James Levis and Morton Barlaz at North Carolina State University (NCSU) had published a study a couple of months ago that analyzed the release of greenhouse gases by biodegradable plastics in landfills. Greenhouse gases contribute to climate change. Media outlets, including this blog, covered the research but with different, and often inaccurate, takes on it.
Levis has now written a piece in Plastics Today to set the record straight. He writes:Â “The headlines ranged from the measured (‘Study: Biodegradable plastics can release methane’) to the reckless (‘Biodegradable products are often worse for the planet’).”
Levis explains the work was an analysis of the greenhouse gas emissions associated with throwing waste into both national-average and state-of-the-art landfills. A state-of-the-art landfill collects the generated methane, a type of greenhouse gas, and turns it into something useful. About 35% of waste in the U.S. ends up in state-of-the-art landfills and about 31% of waste goes into landfills that don’t collect gas. The rest of the waste heads to landfills that collect and flare the gas.
Levis and Barlaz’s research showed that there are benefits to collecting landfill gas and turning it into something useful. Because state-of-the-art landfill capture methane, waste disposal at these landfills ended up being carbon negative. In other words, the landfills removed more carbon from the atmosphere than they release.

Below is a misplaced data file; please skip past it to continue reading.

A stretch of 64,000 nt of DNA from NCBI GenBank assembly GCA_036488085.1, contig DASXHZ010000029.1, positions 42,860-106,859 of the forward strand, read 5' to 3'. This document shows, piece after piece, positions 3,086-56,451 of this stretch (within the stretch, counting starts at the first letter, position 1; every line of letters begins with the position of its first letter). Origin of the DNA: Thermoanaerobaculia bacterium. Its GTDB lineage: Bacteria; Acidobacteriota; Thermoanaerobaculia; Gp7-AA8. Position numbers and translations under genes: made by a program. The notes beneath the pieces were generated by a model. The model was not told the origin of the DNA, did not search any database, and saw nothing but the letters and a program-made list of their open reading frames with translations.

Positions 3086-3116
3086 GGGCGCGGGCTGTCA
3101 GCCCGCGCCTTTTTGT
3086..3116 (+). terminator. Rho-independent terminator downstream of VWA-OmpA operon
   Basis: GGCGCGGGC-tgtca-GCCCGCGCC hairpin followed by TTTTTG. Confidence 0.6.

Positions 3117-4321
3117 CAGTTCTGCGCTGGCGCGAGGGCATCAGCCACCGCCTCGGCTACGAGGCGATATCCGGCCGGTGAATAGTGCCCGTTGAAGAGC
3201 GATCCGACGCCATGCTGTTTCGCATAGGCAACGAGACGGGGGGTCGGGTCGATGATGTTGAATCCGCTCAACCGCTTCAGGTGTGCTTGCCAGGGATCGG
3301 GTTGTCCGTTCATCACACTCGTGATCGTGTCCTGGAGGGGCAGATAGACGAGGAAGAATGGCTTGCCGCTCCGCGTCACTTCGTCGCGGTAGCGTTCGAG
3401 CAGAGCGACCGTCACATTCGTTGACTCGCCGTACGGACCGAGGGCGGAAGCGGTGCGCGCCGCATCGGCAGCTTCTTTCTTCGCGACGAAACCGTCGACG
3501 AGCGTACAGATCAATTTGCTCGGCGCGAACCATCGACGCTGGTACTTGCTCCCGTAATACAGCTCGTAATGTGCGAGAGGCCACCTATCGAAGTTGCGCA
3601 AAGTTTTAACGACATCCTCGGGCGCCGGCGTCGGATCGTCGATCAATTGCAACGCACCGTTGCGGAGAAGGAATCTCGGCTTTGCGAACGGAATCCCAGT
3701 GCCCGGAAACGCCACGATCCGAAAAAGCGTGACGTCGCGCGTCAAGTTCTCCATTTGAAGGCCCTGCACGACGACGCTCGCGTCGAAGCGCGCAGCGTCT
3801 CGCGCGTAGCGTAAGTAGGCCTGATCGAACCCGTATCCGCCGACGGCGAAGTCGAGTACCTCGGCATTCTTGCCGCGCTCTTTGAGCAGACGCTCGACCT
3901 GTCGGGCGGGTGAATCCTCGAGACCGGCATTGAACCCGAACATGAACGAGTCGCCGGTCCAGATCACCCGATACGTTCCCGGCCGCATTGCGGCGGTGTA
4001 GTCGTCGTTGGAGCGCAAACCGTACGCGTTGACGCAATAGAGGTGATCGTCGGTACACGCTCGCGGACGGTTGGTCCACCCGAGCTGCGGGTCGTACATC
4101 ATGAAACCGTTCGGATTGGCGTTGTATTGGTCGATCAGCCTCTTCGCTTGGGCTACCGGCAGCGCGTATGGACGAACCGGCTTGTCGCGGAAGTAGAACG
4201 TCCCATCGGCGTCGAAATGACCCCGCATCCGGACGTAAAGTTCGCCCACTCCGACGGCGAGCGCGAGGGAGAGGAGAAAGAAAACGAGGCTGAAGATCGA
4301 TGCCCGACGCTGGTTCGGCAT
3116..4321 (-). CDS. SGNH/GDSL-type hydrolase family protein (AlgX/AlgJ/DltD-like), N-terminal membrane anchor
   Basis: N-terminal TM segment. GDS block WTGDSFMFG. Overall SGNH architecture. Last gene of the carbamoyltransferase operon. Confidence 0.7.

But disposing similar waste in an average landfill caused positive greenhouse gas emissions. The research also showed that the more degradable a material is, the more greenhouse gas it released when disposed in a landfill.
Levis and Morton concluded that the best material to have in a landfill, from a greenhouse gas emissions point of view,Â is one that didn’t degrade at all.
As Levis points out in his piece, reactions to the study are all over the map. For instance, the anti-environmentalists jumped on the data and tried to hijack them to say anthropogenic climate change doesn’t exist. As Levis says, “This research is meaningless if one does not first accept basic climate science. The purpose of the research is to allow us to more effectively mitigate GHG emissions by making informed decisions.”
Levis goes on to explain why other conclusions drawn by other groups are misguided. With biodegradable plastics, Levis says the studyâ€™s only mention of bio-based, non-biodegradable products was to show that they:
… would lead to the least greenhouse gas emissions in a landfill. We also showed that materials that degrade more slowly or to less of an extent lead to reduced [greenhouse gas] emissions in landfills.
Levis says the study does suggest that the best thing to do is to aggressively collect methane from landfills. He also reminds readers that a systemic approach must be taken when analyzing complex problems.
It’s worth noting, though, that perhaps some of the hysteria in the media over biodegradable plastics mentioned in Levis and Morton’s work can be traced to the press release sent out by NCSU’s Newsroom, where the eye-catching headline said: “Study: Biodegradable Products May Be Bad For The Environment“.
Rajendrani "Raj" Mukhopadhyay is a science writer and editor who contributes news stories and feature articles on scientific advances to a variety of magazines. Raj holds Ph.D. in biophysics from Johns Hopkins University.